Saranga said...

I'm bi, but as a teenager veered between gay! straight! gay! straight! for years, depending on who I crushed on. this is because there was 0 visibility of bi folks in the the media, so who did I have to identify with, to show me the way? Partly for this reason, I am doing a series of coming out in comics posts on my site, in an effort to highlight some diversity.

When all my friend at uni came out as bi I was insanely jealous cos they had me to support them, and for years I'd no one.

I suffer from straight privilege because, like Halla, I have a male partner, so get read as straight 95% of the time. (Thanks be to the 5% when i'm not). Dammit, I'm not one of you! Why do the privileged folks tend to assume you're just the same as them?

Most of my friends know, but one keeps forgetting and is shocked when I have to tell her again, for the umpteenth time.

I am not out on facebook because I am friends with work folks on there and I worry about what they'll say, having noted (unintentional) biphobia coming from them before. Maybe i'll change it when I move jobs in a month, but then I'll have to hide it amongst other areas.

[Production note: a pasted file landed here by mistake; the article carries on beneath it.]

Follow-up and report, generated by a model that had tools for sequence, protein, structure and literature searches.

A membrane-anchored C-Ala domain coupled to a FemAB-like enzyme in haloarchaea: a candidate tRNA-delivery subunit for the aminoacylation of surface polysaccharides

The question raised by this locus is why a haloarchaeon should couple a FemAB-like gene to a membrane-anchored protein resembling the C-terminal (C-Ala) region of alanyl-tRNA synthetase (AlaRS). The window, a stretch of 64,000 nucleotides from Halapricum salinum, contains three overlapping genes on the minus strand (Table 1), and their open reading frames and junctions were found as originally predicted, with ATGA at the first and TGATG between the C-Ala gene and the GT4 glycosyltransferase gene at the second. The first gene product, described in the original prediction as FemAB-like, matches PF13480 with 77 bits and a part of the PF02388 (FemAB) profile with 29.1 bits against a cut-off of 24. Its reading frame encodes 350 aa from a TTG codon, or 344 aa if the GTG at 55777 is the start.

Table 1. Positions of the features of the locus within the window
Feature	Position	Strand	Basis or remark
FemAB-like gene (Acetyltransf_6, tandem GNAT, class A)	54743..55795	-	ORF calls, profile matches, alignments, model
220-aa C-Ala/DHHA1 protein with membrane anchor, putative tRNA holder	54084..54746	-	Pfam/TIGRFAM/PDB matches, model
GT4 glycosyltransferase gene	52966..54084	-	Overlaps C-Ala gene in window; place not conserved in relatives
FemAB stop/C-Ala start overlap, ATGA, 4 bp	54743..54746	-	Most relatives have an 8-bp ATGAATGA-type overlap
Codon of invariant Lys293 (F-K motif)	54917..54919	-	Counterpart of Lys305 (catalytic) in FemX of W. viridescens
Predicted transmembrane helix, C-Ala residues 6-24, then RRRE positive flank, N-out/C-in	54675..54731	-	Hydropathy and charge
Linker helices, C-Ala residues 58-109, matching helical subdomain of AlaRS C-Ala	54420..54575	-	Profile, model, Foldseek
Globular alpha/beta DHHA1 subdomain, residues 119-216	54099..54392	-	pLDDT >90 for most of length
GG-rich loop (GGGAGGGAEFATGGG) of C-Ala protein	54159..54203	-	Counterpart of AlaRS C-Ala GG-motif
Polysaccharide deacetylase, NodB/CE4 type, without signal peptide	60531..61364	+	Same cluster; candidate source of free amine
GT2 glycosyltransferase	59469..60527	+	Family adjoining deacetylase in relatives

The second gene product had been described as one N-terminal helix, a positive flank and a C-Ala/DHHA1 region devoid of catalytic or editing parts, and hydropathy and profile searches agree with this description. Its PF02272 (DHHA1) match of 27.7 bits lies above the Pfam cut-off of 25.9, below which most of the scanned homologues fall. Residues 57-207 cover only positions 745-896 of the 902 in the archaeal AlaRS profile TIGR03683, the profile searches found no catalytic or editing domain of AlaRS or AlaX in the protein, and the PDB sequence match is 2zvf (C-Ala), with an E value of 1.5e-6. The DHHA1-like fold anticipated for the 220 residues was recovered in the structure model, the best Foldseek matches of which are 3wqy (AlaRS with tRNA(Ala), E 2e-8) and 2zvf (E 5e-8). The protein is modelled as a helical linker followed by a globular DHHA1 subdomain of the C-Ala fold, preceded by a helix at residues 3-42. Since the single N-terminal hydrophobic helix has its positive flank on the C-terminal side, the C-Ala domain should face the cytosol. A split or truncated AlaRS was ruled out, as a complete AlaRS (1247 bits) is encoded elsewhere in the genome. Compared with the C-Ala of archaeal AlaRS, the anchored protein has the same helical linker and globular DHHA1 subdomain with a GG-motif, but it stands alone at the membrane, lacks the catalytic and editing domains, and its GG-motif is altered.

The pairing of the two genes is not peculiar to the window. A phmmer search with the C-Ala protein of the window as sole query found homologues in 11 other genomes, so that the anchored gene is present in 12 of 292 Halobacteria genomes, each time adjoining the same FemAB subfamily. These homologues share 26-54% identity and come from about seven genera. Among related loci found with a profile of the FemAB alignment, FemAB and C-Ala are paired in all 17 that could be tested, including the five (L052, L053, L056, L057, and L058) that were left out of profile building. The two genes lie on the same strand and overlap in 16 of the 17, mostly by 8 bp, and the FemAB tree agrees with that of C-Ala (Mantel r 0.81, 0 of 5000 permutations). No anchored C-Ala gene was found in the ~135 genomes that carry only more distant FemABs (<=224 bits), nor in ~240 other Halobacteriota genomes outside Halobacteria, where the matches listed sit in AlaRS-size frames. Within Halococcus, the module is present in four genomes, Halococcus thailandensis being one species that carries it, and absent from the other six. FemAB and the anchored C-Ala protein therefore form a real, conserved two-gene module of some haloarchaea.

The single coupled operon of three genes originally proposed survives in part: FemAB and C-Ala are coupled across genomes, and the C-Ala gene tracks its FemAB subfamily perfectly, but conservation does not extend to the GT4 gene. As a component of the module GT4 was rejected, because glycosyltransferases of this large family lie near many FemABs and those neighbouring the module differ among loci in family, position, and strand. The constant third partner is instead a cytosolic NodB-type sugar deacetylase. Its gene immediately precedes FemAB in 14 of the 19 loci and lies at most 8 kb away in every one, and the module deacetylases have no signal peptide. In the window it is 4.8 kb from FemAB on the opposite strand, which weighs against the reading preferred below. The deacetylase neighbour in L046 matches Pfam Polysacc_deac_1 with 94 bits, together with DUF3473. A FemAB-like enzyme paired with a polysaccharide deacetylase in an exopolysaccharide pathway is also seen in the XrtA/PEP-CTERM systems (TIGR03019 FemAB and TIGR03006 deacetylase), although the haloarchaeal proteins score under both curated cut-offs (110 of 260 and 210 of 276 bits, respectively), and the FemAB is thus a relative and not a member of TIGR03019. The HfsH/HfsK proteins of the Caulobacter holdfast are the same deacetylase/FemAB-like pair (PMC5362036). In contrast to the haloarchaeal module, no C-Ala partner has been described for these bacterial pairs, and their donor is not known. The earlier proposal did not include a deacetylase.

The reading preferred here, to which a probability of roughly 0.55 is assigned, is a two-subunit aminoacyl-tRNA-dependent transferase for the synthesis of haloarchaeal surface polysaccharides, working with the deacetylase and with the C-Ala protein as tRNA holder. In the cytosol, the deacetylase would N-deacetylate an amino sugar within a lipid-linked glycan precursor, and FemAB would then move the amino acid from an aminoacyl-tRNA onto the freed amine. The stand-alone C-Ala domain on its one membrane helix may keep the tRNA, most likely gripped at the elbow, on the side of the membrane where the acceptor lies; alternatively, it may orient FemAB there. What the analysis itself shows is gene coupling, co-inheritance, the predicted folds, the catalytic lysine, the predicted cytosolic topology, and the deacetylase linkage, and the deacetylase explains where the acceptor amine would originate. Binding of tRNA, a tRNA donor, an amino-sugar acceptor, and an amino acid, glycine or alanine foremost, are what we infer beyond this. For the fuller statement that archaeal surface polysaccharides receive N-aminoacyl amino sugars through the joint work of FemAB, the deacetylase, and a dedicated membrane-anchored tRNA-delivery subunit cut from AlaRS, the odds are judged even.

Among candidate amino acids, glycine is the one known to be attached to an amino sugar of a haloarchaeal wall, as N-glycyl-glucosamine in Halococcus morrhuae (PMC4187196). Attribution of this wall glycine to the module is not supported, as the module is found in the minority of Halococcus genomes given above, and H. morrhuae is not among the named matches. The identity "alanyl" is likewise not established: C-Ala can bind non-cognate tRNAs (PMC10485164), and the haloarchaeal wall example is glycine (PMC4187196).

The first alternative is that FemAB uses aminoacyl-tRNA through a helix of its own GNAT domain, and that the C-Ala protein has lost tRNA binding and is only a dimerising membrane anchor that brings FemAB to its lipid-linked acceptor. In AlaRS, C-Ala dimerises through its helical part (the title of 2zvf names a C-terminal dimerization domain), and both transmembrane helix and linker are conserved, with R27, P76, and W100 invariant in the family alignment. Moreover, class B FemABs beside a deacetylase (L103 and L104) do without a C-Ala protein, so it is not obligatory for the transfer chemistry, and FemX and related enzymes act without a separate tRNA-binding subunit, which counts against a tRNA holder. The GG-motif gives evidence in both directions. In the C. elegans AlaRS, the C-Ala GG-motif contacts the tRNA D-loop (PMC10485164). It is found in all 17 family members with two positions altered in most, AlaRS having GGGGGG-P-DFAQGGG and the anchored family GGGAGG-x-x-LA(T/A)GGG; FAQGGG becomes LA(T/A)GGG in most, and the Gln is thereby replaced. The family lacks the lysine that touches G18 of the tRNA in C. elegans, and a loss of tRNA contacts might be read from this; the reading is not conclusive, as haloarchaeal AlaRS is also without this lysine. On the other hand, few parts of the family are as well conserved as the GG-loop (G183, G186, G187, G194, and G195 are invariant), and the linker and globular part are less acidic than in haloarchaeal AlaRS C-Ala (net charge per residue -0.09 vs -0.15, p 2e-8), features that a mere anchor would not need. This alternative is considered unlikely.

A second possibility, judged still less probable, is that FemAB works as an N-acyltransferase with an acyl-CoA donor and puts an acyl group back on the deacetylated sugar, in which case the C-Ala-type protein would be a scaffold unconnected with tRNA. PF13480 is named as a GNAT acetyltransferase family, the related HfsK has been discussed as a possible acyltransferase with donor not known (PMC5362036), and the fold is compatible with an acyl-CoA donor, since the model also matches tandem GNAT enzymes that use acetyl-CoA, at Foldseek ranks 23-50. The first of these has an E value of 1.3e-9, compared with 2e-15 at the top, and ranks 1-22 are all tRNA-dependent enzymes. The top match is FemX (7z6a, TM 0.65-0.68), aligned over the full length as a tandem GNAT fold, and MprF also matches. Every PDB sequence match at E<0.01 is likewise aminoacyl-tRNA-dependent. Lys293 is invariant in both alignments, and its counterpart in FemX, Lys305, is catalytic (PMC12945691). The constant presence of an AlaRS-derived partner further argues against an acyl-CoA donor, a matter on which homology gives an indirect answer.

I have a sister who knows but who recommends I don't have identity issues in front of my boyfriend too much because he might get..insecure? upset? I don't know what. He never has done and he knows bi doesn't = unfaithful.

I try to justify not telling my parents on the basis that it's none of their business, but in reality it's cos I'm too chickenshit. :(

OTOH I'm thinking of redescribing myself as queer, because I find it more fluid than bi.

Whew. Thank you for putting this post up. Spaces like this are really important. I'm not entirely comfortable spewing like this on my site, because rl friends read it.

I also have to regularly come out as a feminist and a comics fan, which I used to find nearly as nerve wracking as 'admitting' I ain't straight.